An assessment of the inward rise of the angular rate in the -gradient zone was made for both, Eri and 12 Lac, yielding the values around five for the ratio of the core to envelope rate. The surface equatorial velocities in the two stars are very different. For the former object our seismic estimate gives about 6 km s. For 12 Lac, our estimate of about 50 km s is less certain because data on rotational splitting are much poorer but the value agrees with estimate of Desmet (private communication), based on his analysis of line profile changes. There is a large difference in rotation rate between the two stars but unfortunately the accuracy of our modelling is insufficient for addressing the question of the relation between the overshooting distance and rotation.
The surface rotation rate in Eri is indeed very low and this was the reason why PHD suggested that chemical element stratification in this star may be sustained. Hovever, a closer look at the problem reveals that the effect of rotation on element distribution should not be ignored, even at the equatorial velocity of few km s. As Bourge et al. (2007) showed for their model, the two-fold excess of the iron abundance in the driving zone is produced in the time scale comparable with main sequence life time. The process is slower than in less massive objects (Seaton 1999) but fast enough so that if it goes unimpeded a significant excess of iron could be created. The effect of rotation could be ignored if the time, , for meridional circulation to travel from the depth where most of iron is moved up (K) to the bottom of the convective zone (K) around the iron opacity bump is longer than the star age. To estimate we use the well-known expression (see e.g. Tassoul 2000) for the speed of the meridional flow
where , is the Kelvin-Helmholtz time, and
The last term, known as the Gratton-Öpik term, is kept though it is of higher order because it is important near the surface where density is low, even if and otherwise linearization is valid. In our model of Eri, the the Gratton-Öpik term is -3.4 at the depth where most of iron is supposed to be pushed up.
We evaluate at the layer where K. and for use the distance to the bottom of the convective zone. For the Eri model, we have , yr, , , . With this numbers, we get from Eq. (6) y, which is much less than the age of the star, y according to our seismic model. Thus, even in this slowly rotating star the effect of rotation cannot be ignored. For our best model of 12 Lac, we find by about four orders less than in Eri. Yet, as we may see in Fig. 8, the problem with driving the low frequency mode is even greater than in the case of Eri.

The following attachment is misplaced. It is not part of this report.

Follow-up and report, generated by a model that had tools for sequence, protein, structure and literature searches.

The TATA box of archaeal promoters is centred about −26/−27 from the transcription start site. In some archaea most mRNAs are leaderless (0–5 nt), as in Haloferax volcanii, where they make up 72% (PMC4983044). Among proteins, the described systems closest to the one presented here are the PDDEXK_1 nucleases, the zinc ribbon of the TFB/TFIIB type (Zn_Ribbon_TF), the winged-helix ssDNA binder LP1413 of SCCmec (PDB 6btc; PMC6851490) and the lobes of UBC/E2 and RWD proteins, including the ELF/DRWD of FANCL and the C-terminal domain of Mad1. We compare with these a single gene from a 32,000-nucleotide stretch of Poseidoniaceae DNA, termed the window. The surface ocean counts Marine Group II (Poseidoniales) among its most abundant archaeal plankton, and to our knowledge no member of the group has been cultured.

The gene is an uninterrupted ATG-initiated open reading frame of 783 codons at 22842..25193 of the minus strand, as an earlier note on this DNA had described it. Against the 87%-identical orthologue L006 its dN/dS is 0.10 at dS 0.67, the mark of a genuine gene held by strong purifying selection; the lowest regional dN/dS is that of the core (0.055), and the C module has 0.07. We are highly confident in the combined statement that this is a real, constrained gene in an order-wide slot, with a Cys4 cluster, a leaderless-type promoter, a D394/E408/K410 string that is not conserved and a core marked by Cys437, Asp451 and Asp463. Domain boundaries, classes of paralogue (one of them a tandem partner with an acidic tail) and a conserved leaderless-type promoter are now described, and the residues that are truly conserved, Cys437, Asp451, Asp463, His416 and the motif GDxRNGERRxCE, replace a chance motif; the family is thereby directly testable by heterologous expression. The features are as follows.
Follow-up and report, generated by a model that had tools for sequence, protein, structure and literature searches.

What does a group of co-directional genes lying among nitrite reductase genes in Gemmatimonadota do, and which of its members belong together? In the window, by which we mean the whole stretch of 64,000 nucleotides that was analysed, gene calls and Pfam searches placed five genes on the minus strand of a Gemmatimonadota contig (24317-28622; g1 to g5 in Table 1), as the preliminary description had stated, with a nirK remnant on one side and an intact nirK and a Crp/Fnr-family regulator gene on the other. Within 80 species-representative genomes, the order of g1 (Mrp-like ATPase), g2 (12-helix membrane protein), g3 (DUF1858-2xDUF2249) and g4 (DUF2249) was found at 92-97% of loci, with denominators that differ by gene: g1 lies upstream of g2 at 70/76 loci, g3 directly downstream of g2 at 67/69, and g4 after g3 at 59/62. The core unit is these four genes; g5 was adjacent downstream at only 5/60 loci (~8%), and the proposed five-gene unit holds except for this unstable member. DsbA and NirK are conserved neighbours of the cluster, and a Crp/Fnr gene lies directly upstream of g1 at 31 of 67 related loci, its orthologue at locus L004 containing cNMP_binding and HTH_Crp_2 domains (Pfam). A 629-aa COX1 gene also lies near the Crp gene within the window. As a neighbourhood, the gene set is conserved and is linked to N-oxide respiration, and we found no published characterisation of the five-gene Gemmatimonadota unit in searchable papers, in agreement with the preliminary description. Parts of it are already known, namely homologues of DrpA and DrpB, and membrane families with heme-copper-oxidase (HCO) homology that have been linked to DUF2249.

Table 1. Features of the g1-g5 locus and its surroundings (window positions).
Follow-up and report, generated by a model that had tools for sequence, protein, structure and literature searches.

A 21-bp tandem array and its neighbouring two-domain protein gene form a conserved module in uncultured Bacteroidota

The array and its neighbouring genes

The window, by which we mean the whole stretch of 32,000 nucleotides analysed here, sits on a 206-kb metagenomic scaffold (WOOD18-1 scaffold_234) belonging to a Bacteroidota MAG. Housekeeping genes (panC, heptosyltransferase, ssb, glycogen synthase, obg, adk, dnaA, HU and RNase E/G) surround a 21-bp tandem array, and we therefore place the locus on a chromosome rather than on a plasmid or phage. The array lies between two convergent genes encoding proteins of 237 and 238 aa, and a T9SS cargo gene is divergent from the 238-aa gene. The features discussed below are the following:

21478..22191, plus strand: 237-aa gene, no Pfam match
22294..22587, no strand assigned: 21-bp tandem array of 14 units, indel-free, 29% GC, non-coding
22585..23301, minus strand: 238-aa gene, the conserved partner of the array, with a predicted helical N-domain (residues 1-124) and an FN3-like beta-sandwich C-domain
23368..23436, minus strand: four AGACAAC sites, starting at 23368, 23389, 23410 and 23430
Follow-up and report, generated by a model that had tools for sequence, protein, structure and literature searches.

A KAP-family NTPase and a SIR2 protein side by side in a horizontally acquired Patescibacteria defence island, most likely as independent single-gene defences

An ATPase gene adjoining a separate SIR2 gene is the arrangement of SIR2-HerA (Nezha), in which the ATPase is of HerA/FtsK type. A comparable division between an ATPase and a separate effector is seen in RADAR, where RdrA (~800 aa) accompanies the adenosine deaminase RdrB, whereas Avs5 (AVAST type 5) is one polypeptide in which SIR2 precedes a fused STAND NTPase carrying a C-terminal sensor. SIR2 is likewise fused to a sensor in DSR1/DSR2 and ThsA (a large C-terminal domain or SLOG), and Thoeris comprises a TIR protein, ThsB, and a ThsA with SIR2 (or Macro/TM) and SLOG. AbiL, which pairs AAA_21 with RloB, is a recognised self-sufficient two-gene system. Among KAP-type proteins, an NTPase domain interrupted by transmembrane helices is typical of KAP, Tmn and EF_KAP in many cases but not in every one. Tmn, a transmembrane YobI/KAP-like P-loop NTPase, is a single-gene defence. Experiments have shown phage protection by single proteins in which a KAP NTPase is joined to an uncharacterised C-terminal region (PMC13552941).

Meridional flow and/or turbulence developed through instability induced by rotation are expected to prevent accumulation of iron in the driving zone and in photosphere. This is a likely explanation of apparently normal chemical atmospheric composition of Cephei stars, including such slow rotators as Eri. This is also the reason to reject iron accumulation in the driving zone as the solution of the driving problem, whose solution must be searched in a different way.
We attach greatest hope for solution of the driving problem with improvements in stellar opacity data. Thus, we would like to encourage further effort in this field. Reliable opacity data are essential for B star seismology. Data on mode frequencies in Eri and 12 Lac are abundant and accurate enough for probing rotation and structure of the -gradient zone above the convective core. However, to answer open questions regarding macroscopic transport of elements and angular momentum, we need accurate microscopic input data, especially on opacity. Only if we have measurements of rotational splitting, our inference on differential rotation does not rest on very precise model of stellar structure, but such data are rare. Regarding observational work, we view as most important new spectroscopic observations of the two stars aimed at improving the value of the mean effective temperature and leading to the and identifications for a greater number of modes.
This work was supported by the Polish MNiSW grant No 1 P03D 021 28.